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Comment: Chronic inflammation is known to be associated with increased episodes of heart attacks and with such autoimmune disorders as diabetes, lupus, rheumatoid arthritis and multiple sclerosis among others. One way to fight such inflammation is through nutrition – and specifically, as researchers from the University of Bonn and the ETH Zurich have discovered, by including oregano in our diets.

Merck Published Fake Journal

Wednesday, 03 June 2009 by

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Merck paid an undisclosed sum to Elsevier to produce several volumes of a publication that had the look of a peer-reviewed medical journal, but contained only reprinted or summarised articles–most of which presented data favourable to Merck products–that appeared to act solely as marketing tools with no disclosure of company sponsorship. The role of journals

Home Of Immune Memory Found

Wednesday, 03 June 2009 by
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New findings overturn a major model of where immune memory is stored. Rather than circulating throughout the body, as researchers had thought, memory T-cells actually reside in a comfortable niche in the bone marrow waiting for the next chance to fight infection, according to a new article published online in Immunity today (May 7th). Immunologists have long believed that memory cells come from activated effector T cells that have resigned their ability to fight, and simply remain in circulation until they are re-activated a second time by the same pathogen they initially attacked. Researchers have now found that rather than remaining in the circulation as previously thought, the majority return to the bone marrow, 80% of them are found here. These cells remained there for up to 134 days — the length of time the researchers tested.

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The relationship between autism and vaccination remains a heated one. Quite polarised views about the rights and wrongs of vaccination are to be found amongst parents and scientists. Naturally disproving a theory can sometimes be harder than proving it and doubt remains in the minds of many advocates of the vaccination and autism model. The following paper provides an overview of the current arguments and whilst it will be uncomfortable reading for the dedicated proponents it raises some good questions.

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Background: Telomere length may be a marker of biological aging. Multivitamin supplements represent a major source of micronutrients, which may affect telomere length by modulating oxidative stress and chronic inflammation.

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BACKGROUND: Human herpesvirus-6 (HHV-6), Epstein-Barr virus and parvovirus B19 have been suggested as aetiological agents of chronic fatigue syndrome but none of these viruses is consistently detected in all patients. However, active viral infections may be localised in specific tissues, and, therefore, are not easily detectable. The aim of this study was to investigate the presence of HHV-6, HHV-7, EBV and parvovirus B19 in the gastro-intestinal tract of CFS patients.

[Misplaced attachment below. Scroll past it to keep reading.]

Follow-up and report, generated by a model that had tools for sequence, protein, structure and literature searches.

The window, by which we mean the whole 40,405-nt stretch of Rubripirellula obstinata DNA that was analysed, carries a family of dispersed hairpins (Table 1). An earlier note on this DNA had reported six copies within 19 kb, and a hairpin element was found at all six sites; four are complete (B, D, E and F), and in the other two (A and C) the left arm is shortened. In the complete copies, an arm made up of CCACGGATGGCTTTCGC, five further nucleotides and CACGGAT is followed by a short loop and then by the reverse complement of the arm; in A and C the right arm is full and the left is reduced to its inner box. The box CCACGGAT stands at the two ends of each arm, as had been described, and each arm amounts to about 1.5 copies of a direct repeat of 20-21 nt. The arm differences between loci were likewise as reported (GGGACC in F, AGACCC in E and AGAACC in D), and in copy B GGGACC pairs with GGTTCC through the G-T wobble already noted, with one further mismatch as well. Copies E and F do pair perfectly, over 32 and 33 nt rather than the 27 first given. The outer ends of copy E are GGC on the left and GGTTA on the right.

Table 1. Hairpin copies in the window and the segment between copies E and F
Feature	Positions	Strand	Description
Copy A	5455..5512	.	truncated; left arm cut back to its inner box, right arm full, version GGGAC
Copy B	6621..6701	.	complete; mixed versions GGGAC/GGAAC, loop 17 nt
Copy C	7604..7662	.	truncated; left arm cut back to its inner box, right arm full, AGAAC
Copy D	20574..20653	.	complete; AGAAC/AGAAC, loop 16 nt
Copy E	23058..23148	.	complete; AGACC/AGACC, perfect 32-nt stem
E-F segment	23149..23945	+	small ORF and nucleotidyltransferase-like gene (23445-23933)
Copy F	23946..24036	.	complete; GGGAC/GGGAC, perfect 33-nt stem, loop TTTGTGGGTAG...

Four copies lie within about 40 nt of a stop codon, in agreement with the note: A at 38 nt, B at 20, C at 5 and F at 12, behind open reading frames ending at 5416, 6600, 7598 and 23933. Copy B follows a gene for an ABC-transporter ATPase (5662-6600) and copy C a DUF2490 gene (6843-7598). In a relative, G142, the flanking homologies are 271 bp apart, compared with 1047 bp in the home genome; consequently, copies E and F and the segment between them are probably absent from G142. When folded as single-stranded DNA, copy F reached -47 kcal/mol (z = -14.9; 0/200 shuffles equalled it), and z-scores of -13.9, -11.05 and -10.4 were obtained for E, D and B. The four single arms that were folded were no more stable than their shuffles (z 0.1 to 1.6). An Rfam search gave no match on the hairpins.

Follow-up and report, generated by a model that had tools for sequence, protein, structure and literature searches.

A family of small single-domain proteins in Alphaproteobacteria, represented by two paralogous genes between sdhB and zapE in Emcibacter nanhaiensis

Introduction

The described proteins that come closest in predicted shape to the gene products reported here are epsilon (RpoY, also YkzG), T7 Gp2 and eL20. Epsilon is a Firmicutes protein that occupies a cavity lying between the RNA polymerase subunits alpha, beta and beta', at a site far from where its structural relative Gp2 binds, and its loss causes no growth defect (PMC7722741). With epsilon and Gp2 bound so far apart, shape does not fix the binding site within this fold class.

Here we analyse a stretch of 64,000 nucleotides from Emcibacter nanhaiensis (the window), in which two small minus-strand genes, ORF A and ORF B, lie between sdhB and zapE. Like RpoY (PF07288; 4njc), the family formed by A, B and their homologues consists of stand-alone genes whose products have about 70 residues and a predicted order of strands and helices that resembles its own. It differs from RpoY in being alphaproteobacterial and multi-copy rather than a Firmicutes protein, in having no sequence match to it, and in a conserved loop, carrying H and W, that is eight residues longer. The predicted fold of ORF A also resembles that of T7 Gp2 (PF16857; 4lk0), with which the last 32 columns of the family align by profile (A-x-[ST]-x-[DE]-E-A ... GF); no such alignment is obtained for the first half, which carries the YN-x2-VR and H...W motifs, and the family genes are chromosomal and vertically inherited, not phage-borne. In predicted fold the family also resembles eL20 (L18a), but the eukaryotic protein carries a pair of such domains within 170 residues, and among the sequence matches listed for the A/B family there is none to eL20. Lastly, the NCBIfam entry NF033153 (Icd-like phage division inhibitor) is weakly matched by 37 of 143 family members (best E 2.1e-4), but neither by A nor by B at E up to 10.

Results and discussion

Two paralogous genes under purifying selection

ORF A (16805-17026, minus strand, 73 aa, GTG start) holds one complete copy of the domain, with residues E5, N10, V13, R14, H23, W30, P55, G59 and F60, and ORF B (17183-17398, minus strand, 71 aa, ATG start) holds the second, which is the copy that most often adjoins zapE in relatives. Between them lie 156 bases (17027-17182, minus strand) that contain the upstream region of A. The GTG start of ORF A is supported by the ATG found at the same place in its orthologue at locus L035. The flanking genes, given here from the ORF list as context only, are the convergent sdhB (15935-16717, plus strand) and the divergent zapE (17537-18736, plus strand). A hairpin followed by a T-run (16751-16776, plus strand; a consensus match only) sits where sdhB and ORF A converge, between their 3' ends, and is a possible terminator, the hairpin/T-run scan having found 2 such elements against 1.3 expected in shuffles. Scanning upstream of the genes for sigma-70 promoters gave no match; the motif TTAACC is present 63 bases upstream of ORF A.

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The efficacy of a 2-month treatment with oral colostrum in the prevention of flu episodes compared with anti influenza vaccination was evaluated. Groups included healthy subjects without prophylaxis and those receiving both vaccination and colostrum. After 3 months of follow-up, the number of days with flu was 3 times higher in the non-colostrum subjects.

Gluten-Free Diet Bad for Gut Health

Thursday, 21 May 2009 by | Comments: 2
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Comment: Spanish researchers recently found a gluten-free diet (GFD) led to reductions in beneficial gut bacteria populations and the ability of faecal samples to stimulate the host’s immunity (Br J Nutr. 2009). The effects of a GFD on the composition and immune function of the gut microbiota were analysed in 10 healthy subjects (mean age 30.3 years) over a period of one month.

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Comment: Nearly 20 years ago, it was discovered that bacteria known as Helicobacter pylori were responsible for stomach ulcers. Since then, antibiotics have become the primary therapy used to combat the H. pylori infection, which affects approximately six percent of the world population and is also a primary cause of stomach cancer. But today the bacteria is growing increasingly resistant to antibiotics.

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There has been significant public debate about the susceptibility of research to biases of various kinds. The dialogue has extended to the peer-reviewed literature, scientific conferences, the mass media, government advisory bodies, and beyond. Whereas biases can come from myriad sources, the overwhelming focus of the discussion to date has been on industry-funded science.

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